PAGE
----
What is Ocular Melanoma?

Kevin Berman, MD, PhD Health Guide
  • Hi everyone. Today I want to talk about ocular melanoma, a type of melanoma that develops in the eye. While melanoma is usually associated with skin cancer, it can arise in the eye and spread to other parts of the body. Ultimatelym it can lead to death without there ever being a strange mole on the skin. Although dermatologists do not examine they eyes for ocular melanoma, we do recommend that any person with melanoma see an ophthalmologist for an eye exam to make sure that no other suspicious lesions are hiding in the eye.


    Moles on the skin are comprised of cells called melanocytes. Melanocytes also are found in several parts of the eye. A person can have a mole in the eye and these moles can be atypical or even become melanoma. Often, these moles are asymptomatic and are found incidentally during an eye exam. At times, they cause pain or affect vision. Most commonly, ocular melanoma develops in the uvea of they eye but can also form on the conjunctiva.

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    Fortunately, these melanomas are relatively rare, affecting about six people per million in the United States. However, they tend to be discovered at a later stage so their spread to other parts of the body is common. More incidents of ocular melanoma are found in the southern part of the country, perhaps because people there have an increased amount of sun exposure. People with relatives who have had ocular melanoma may be at higher risk, although no definite genetic link is known.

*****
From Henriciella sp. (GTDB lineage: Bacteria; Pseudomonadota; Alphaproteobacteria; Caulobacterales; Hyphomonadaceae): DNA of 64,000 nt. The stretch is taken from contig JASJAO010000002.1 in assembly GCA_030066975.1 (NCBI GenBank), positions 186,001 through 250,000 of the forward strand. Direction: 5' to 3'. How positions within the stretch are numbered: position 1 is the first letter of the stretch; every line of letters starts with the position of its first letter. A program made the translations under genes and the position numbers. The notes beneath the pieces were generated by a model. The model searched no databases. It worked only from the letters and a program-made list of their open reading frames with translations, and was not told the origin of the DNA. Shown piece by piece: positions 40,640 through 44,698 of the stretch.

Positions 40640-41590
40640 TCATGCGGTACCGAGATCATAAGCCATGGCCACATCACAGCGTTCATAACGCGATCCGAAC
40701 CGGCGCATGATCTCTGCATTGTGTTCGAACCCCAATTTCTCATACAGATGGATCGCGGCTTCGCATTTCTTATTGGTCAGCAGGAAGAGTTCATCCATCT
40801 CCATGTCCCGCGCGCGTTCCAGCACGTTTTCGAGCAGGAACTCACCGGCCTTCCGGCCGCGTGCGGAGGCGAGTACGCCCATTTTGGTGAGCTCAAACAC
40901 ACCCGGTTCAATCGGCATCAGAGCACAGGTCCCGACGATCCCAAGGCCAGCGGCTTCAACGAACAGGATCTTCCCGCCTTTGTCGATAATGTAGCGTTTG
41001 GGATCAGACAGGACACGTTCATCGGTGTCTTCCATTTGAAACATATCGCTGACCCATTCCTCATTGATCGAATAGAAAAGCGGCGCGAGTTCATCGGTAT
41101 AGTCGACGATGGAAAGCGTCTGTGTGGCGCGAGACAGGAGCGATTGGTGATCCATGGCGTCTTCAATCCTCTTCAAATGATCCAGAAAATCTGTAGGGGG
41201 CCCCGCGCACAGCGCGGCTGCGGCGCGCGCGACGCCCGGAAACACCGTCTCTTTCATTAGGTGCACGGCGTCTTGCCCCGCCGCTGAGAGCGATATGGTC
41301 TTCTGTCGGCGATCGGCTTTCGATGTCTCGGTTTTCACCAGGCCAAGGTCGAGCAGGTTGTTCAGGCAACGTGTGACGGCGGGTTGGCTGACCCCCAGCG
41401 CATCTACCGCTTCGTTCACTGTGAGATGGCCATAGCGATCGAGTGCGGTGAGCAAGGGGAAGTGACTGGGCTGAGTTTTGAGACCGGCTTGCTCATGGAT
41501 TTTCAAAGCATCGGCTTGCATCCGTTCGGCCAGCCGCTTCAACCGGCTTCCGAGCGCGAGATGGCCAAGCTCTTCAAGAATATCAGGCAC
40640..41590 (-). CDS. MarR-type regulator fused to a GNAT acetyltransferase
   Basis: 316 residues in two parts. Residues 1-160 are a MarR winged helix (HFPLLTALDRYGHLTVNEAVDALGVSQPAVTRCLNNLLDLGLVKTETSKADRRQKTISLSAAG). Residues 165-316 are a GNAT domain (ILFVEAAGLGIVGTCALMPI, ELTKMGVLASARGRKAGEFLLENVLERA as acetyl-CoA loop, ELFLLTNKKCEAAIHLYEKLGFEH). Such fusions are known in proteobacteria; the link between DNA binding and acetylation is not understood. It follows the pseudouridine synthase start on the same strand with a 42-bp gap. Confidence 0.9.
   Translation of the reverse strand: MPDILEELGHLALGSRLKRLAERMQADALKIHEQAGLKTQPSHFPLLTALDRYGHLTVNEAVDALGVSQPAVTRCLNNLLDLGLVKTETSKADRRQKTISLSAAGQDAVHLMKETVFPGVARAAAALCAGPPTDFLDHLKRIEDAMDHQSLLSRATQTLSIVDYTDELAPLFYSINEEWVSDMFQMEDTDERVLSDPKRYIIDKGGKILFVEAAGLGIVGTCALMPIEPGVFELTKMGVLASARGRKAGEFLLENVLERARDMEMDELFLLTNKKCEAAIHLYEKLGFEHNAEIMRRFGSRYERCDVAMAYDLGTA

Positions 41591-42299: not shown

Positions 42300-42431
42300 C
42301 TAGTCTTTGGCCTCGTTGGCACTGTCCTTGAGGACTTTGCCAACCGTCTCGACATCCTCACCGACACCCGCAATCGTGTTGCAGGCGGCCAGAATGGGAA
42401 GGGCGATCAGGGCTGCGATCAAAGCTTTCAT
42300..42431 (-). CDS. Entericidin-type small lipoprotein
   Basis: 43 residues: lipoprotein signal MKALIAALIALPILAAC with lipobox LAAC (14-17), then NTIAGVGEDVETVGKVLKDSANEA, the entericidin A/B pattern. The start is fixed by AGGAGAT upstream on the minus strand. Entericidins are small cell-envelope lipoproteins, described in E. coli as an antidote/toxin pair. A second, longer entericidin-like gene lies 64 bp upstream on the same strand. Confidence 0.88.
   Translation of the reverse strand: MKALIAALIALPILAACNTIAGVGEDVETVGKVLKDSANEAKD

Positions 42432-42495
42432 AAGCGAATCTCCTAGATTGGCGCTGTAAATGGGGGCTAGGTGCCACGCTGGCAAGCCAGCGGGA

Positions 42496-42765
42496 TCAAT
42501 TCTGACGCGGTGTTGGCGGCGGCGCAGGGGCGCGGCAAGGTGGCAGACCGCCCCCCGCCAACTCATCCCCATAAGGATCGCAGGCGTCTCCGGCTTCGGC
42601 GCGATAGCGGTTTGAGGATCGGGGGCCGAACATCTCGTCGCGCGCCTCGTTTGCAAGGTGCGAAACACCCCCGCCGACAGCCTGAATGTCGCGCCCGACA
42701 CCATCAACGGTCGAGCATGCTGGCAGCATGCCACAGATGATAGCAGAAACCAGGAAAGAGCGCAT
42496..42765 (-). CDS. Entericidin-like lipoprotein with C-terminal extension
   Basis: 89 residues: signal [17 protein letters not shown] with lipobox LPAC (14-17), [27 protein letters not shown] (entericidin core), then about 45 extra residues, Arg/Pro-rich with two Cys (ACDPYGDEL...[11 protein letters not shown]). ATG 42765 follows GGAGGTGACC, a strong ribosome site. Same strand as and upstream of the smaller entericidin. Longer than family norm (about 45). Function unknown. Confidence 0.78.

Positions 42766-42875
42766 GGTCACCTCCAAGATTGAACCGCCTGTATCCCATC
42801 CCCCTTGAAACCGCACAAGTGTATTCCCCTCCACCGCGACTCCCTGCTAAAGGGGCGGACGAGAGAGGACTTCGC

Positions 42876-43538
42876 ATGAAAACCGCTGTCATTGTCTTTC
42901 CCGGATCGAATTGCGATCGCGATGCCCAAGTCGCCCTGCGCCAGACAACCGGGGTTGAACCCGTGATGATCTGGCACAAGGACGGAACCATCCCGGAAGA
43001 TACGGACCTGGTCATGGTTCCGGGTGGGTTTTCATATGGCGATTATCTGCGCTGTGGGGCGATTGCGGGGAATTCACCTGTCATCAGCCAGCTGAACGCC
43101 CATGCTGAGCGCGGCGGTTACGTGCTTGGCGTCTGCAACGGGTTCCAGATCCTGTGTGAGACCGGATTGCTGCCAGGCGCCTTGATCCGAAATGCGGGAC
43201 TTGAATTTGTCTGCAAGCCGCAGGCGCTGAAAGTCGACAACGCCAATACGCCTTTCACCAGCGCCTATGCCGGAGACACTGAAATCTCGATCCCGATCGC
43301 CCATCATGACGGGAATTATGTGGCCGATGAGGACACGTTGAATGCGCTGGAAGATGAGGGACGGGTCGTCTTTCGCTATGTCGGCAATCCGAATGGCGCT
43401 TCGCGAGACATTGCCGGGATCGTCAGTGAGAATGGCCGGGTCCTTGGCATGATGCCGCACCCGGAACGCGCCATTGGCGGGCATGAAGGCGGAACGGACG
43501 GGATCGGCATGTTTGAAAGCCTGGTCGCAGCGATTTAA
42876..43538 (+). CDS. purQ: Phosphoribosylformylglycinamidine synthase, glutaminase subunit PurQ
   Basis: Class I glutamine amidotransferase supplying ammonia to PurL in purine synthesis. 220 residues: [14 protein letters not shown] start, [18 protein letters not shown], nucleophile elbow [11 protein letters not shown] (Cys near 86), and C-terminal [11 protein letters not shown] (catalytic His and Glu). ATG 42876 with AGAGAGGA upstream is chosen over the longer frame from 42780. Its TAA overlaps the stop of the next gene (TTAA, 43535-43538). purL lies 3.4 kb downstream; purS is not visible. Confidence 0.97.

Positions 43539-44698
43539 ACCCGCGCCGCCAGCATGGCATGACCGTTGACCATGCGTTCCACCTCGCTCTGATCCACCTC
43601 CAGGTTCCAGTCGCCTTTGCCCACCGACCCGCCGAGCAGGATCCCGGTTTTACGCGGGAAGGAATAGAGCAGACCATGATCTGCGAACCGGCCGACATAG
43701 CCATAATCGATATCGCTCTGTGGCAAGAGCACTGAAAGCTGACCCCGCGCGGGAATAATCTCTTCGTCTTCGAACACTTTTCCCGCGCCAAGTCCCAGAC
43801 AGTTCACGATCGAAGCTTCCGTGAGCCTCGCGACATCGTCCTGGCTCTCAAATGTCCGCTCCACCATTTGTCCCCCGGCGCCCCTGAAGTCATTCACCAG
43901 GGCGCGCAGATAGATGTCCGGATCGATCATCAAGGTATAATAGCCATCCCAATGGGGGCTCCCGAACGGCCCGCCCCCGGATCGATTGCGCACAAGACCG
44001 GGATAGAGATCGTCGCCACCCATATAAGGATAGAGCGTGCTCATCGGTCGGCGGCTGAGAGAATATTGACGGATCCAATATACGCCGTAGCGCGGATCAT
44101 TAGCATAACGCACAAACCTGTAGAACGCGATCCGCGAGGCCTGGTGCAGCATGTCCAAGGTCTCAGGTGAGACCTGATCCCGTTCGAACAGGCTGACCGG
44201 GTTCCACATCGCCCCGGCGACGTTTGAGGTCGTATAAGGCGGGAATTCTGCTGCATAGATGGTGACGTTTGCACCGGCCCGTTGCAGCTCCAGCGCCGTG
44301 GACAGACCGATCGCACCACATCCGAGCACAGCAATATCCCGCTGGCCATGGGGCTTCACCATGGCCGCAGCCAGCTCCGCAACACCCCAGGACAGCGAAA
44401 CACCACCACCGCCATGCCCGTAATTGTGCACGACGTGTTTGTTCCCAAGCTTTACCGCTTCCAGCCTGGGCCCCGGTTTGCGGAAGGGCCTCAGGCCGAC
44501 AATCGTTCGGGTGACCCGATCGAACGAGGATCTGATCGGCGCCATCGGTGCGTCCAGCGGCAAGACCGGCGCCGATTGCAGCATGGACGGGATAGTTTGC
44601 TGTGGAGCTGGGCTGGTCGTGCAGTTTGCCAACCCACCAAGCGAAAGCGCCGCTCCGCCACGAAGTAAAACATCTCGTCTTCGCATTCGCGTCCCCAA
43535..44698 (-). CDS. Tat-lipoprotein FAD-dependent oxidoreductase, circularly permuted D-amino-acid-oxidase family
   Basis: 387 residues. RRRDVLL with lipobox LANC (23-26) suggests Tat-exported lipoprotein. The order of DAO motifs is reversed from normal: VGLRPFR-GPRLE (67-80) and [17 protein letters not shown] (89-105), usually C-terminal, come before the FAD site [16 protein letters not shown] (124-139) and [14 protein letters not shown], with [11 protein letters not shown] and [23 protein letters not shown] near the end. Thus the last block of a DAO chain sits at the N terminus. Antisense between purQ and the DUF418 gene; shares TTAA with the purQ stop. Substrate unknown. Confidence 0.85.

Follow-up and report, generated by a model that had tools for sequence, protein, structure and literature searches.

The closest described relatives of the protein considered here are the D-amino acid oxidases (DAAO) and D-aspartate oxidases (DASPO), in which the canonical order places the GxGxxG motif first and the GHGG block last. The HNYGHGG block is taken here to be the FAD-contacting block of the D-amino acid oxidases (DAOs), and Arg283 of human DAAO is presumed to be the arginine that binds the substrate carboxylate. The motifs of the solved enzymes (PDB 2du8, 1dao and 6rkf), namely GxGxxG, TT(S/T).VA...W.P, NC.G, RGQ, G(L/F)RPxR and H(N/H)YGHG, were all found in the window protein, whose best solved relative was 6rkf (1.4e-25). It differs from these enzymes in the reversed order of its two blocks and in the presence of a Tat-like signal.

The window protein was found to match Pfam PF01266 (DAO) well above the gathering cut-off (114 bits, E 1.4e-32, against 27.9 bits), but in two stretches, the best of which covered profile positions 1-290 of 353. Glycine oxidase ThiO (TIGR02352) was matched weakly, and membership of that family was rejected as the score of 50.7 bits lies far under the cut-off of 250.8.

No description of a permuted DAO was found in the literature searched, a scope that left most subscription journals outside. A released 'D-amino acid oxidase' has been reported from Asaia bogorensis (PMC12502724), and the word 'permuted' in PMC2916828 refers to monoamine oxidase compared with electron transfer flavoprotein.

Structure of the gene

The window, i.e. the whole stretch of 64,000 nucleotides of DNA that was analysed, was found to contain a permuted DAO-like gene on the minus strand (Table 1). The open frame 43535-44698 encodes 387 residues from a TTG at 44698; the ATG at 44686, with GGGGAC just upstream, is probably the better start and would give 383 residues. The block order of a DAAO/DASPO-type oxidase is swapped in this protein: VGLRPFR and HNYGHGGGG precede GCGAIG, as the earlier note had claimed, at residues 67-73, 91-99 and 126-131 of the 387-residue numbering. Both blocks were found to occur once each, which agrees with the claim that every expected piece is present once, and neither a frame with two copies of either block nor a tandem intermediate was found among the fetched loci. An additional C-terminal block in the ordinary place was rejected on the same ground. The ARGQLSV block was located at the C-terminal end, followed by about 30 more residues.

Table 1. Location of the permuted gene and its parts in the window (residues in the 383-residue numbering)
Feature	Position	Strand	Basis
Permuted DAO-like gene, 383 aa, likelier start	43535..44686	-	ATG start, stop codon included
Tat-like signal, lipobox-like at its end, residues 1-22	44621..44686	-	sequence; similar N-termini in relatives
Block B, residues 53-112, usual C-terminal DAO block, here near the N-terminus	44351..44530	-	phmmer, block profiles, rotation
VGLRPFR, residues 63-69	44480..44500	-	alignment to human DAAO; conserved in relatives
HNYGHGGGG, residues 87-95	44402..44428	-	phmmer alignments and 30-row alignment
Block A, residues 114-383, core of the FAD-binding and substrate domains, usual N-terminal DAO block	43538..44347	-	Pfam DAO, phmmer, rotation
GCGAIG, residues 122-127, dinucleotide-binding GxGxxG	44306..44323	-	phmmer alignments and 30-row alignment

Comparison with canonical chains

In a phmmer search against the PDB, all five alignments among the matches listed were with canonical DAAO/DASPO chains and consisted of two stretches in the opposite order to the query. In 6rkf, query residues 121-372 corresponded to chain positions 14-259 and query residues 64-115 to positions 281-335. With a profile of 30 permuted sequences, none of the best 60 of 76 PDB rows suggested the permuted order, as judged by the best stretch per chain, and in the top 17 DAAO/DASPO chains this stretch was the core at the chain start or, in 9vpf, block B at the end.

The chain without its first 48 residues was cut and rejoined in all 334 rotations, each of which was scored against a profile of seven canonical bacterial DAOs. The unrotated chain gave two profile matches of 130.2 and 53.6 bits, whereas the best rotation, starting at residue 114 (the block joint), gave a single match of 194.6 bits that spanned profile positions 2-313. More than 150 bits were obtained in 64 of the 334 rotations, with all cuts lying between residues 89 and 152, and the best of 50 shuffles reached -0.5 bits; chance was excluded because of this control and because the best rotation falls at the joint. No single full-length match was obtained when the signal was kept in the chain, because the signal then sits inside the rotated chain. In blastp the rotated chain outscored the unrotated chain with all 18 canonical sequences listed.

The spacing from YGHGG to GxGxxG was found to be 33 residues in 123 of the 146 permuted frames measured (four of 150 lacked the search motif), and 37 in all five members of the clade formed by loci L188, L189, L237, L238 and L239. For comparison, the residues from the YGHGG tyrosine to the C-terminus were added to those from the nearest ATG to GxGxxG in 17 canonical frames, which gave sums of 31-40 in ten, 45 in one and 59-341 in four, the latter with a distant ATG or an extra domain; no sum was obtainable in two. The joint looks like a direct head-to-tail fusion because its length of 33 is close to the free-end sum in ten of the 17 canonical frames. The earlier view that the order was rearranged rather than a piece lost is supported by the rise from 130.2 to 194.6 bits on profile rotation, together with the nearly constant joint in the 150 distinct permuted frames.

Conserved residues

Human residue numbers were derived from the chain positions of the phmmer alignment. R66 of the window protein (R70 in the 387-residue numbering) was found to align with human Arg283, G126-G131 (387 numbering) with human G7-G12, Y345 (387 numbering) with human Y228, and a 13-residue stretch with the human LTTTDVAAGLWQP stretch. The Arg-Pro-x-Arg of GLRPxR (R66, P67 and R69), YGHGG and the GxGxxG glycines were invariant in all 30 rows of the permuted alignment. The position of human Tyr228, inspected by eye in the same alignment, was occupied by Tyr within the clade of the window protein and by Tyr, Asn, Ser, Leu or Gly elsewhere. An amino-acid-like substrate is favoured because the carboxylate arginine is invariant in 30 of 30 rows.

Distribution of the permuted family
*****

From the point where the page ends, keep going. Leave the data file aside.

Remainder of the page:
Individuals with "dysplastic nevus syndrome" are also at higher risk. This syndrome is characterized by many (dozens to hundreds) atypical appearing moles on the skin and is associated with an increased risk of cutaneous and ocular melanoma. These people tend to be monitored closely by their dermatologists and have many moles biopsied during their lifetime.


    Treatment for ocular melanoma involves surgical excision in most cases, although some cases are treated with radiation. Treatment is usually determined on a case by case basis in collaboration with an ophthalmologist and an oncologist. Because this type of tumor can potentially spread to other parts of the body, tests are usually done to look for any signs of the melanoma elsewhere (blood work along with imaging scans). The liver is the most common organ to which this type of melanoma spreads, though it can spread to other organs as well.


    So what does this mean for the average person with no family history of ocular melanoma and no reason to believe there is a melanoma lurking in their eye? Protect your eyes from the sun by using sunglasses and hats -sunlight may contribute to the development of melanoma in the eye, as well as other problems. An eye exam by an ophthalmologist should be done regularly (the frequency can be determined by your ophthalmologist). Any nevus of the eye should be monitored for growth and changes. Of course, any pain in the eye or changes in vision should be evaluated as soon as possible by your doctor.


Published On: September 25, 2007